Children's project wins brief reprieve Decision on closing postponed to Dec.

A Howard County program for seriously disturbed children will remain open -- at least for the next couple of weeks.

The Children's Guild of Baltimore on Wednesday postponed a decision until early December on whether to close its Howard County extension program. The postponement came a day after county school officials offered to move the program inside a public building, in part, to help reduce expenses.


The program is currently on the grounds of Taylor Manor Hospital, a private psychiatric facility in Ellicott City. Stanley Mopsik, the guild's executive director, said that moving into school facilities at reduced rent would help save money.

Mr. Mopsik said his organization would work on a rental agreement with school officials and analyze costs before making a final decision next month.


"It's not very specific at this time," Mr. Mopsik said. "There are a lot of details to work out."

L Howard County school officials were unavailable for comment.

Betty Coleman, whose 10-year-old son, Chris, attends the program, was relieved by the news.

"I'm very happy," she said. "Chris, too. I think things are going to work out well for us."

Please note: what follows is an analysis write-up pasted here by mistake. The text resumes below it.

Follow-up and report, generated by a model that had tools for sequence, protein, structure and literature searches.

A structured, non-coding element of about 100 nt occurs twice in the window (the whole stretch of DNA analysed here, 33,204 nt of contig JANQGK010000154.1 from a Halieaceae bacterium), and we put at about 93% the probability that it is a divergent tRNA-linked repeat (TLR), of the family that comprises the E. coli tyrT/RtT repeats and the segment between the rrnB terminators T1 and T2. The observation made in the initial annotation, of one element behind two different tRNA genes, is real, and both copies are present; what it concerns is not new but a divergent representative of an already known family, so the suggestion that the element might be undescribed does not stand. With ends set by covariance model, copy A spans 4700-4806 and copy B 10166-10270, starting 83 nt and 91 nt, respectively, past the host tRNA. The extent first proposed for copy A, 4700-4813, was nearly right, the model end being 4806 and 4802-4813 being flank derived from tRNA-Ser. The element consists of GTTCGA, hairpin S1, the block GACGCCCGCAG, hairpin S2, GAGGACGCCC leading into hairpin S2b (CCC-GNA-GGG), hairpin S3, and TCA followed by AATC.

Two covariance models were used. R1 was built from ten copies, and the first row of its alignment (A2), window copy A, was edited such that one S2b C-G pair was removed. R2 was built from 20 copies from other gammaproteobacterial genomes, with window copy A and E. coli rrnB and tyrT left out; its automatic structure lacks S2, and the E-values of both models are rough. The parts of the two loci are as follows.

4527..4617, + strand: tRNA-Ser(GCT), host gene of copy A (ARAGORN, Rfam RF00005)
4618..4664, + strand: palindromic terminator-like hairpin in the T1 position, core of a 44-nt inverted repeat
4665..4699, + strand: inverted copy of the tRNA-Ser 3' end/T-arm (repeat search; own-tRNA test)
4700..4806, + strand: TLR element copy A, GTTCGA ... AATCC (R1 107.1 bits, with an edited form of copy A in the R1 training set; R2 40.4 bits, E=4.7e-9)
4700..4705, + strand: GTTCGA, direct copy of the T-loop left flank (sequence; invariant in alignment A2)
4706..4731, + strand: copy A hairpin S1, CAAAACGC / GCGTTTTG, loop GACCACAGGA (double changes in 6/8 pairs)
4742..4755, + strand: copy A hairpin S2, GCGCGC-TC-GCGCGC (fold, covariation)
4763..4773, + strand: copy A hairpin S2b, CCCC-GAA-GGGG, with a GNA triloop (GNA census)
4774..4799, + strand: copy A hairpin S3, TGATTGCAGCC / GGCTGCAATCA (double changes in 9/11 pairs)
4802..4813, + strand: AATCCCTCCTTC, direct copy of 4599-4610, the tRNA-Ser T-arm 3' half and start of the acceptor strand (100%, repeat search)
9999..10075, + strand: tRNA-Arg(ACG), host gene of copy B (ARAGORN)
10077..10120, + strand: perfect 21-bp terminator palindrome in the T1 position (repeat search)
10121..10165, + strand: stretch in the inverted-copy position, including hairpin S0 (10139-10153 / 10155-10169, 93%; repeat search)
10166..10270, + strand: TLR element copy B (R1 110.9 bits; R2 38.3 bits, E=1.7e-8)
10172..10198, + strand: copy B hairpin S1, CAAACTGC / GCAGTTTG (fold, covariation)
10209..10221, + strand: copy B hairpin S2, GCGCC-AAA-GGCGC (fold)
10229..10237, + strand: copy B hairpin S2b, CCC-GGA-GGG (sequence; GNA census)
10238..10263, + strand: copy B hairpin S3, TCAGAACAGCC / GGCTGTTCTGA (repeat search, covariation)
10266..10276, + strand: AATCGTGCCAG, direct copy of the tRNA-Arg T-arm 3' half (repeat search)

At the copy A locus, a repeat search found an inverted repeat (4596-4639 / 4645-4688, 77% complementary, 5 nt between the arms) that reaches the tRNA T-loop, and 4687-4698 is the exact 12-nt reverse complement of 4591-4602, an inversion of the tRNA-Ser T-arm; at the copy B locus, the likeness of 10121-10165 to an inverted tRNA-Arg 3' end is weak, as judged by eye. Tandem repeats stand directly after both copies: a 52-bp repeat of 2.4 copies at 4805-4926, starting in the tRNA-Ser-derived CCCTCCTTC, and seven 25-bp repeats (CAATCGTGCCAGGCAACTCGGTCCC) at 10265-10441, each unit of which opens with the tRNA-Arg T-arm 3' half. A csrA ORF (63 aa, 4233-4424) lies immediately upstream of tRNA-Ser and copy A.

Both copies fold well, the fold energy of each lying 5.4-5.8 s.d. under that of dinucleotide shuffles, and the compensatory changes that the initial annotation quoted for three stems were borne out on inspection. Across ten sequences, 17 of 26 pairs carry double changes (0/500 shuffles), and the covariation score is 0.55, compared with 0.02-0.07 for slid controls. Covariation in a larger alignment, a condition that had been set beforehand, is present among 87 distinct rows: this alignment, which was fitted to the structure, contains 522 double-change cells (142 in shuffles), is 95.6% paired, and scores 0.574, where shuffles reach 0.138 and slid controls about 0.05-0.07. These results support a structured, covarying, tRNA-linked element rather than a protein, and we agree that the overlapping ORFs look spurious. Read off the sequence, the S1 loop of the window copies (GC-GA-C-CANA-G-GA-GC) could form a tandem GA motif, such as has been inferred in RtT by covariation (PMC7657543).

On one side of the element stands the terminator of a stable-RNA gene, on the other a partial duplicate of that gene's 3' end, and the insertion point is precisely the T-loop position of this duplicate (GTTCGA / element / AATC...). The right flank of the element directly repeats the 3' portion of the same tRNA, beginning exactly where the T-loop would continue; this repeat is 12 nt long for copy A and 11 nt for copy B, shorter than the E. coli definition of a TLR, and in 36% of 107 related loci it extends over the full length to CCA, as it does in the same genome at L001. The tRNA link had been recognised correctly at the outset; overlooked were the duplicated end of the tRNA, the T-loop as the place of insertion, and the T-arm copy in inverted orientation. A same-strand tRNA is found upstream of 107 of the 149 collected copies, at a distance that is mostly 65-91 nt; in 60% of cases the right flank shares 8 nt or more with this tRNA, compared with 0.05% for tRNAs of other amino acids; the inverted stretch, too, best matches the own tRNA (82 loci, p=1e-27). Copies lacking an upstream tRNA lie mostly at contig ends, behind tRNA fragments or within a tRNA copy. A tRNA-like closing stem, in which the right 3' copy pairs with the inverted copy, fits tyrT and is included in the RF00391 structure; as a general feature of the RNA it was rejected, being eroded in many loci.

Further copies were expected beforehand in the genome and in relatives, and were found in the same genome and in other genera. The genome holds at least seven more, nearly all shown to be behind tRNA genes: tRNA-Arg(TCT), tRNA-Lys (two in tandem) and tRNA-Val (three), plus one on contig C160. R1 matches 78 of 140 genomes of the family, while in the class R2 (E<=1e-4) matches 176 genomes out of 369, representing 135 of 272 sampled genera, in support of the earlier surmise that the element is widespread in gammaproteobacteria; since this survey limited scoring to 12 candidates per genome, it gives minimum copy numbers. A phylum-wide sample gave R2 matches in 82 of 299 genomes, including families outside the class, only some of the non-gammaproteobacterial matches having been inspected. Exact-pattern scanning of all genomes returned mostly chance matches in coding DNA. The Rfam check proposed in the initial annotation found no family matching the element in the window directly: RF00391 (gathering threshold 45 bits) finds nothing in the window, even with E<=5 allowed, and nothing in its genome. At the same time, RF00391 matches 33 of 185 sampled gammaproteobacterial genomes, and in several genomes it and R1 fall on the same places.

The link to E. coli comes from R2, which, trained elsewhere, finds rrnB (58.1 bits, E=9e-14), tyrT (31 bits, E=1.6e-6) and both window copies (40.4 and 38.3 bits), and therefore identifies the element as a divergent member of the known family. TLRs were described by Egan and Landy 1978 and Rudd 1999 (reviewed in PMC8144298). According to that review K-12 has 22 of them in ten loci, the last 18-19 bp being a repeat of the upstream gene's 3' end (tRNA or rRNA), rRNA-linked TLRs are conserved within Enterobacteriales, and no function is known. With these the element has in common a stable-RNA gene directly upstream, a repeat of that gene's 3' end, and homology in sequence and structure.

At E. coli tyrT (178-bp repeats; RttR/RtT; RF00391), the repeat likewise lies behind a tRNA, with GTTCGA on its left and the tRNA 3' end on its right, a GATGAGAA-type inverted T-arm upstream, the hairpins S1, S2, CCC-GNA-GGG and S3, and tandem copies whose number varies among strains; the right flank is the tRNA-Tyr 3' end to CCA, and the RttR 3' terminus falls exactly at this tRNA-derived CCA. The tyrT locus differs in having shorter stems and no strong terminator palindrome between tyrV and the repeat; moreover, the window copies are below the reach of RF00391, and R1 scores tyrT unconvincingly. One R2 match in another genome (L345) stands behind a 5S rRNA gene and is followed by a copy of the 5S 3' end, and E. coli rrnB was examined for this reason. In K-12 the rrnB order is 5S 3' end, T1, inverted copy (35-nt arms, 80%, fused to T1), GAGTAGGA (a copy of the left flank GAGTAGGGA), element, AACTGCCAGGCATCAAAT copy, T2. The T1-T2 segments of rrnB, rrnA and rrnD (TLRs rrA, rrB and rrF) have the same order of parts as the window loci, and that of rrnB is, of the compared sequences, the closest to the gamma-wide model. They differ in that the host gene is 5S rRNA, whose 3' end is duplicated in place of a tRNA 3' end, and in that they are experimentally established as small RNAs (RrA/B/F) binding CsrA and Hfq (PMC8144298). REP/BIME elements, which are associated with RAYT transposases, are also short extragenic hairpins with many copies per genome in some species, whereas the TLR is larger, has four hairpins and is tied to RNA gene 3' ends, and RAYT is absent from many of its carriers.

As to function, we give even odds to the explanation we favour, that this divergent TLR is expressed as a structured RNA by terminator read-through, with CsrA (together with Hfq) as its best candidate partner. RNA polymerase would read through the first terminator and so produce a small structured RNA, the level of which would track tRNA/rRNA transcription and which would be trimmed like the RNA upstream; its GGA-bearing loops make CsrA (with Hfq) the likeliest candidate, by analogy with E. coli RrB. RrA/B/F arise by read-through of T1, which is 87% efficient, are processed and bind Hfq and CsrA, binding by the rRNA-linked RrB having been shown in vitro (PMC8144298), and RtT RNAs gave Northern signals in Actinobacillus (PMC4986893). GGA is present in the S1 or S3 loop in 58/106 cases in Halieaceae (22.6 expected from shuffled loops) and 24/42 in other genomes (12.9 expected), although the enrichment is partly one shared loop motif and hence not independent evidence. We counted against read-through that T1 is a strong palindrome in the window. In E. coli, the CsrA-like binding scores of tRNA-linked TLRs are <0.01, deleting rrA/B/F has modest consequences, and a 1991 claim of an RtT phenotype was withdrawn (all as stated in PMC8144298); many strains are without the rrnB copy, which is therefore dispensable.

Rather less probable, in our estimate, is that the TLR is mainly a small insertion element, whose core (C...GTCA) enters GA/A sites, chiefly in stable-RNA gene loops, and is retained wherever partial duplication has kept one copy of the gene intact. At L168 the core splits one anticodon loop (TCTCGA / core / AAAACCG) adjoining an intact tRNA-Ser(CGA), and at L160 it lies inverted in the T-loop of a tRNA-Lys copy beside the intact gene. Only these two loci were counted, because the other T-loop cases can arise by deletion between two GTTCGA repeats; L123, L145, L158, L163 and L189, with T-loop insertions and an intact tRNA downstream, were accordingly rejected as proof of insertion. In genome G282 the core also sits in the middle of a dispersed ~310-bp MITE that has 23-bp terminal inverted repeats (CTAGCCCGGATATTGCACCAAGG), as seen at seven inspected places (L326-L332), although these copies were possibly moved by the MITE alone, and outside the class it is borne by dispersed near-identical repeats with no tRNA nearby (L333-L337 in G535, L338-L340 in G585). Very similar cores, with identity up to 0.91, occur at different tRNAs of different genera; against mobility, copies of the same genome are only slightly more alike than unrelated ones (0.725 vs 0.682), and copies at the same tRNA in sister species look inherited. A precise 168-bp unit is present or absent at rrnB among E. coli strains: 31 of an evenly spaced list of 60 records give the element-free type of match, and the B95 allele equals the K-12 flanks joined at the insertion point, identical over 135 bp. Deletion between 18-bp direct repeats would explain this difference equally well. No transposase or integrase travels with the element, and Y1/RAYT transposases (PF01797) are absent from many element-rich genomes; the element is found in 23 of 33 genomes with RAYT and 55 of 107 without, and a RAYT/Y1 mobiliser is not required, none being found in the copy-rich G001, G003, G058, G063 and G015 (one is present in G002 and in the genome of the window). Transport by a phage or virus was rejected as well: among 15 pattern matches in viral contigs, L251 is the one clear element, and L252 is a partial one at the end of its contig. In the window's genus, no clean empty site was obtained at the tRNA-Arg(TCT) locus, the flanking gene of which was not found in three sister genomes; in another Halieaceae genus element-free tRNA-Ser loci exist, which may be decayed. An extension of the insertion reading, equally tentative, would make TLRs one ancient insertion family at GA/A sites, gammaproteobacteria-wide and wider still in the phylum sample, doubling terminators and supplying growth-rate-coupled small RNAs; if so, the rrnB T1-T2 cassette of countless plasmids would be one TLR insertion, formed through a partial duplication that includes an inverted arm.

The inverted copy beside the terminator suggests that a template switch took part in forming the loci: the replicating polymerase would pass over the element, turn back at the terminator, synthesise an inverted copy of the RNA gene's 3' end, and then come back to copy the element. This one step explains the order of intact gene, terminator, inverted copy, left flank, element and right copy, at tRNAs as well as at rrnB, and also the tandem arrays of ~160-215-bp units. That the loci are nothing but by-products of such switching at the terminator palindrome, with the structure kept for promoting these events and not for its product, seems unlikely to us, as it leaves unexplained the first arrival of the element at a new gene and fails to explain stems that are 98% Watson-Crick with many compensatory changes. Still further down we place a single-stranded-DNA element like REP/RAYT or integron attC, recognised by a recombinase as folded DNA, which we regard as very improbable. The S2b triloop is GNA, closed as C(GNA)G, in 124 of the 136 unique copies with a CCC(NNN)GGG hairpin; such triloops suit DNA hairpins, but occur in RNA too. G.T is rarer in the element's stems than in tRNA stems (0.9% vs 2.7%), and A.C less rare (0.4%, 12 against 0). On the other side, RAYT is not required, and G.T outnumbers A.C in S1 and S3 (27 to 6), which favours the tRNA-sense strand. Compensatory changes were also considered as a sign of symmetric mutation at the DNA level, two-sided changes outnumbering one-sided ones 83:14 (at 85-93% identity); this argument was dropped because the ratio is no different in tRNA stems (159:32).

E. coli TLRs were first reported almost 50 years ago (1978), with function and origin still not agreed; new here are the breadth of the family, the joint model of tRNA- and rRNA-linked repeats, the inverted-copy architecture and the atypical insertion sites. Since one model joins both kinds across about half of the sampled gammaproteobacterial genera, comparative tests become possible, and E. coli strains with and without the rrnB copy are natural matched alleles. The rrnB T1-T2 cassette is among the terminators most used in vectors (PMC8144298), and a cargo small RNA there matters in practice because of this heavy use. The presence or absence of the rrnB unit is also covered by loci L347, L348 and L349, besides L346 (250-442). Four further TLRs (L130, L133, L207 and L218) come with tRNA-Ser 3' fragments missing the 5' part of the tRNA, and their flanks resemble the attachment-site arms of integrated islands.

The Children's Guild is a private, non-profit organization founded in 1953. It provides education and intensive psychotherapy to emotionally disturbed children who cannot function in regular schools.

The Howard County extension program serves 13 elementary school-age students. It is the only one of its kind in the southern Baltimore suburbs.

But recently it has been at risk of shutting down because it does not have enough students to meet expenses. The program, which has been open for a year and a half, needs at least 15 students to cover costs.

In the next two weeks, Mr. Mopsik will continue to work with county school officials to find new students for the program.


If the program closes, students will have to commute from 45 minutes to an hour and a half each way to the Children's Guild campus in Northeast Baltimore.

Many of the students are hyperactive, easily frustrated or suffer from depression. Starting the day with a lengthy bus ride could make studies difficult, school officials say.

For Chris Coleman, who lives on the outskirts of Laurel and gets sick on bus rides, there aren't many other options.

"He can't go to Baltimore," said his father, William. If the program closes, he said, "I don't know what I'll do."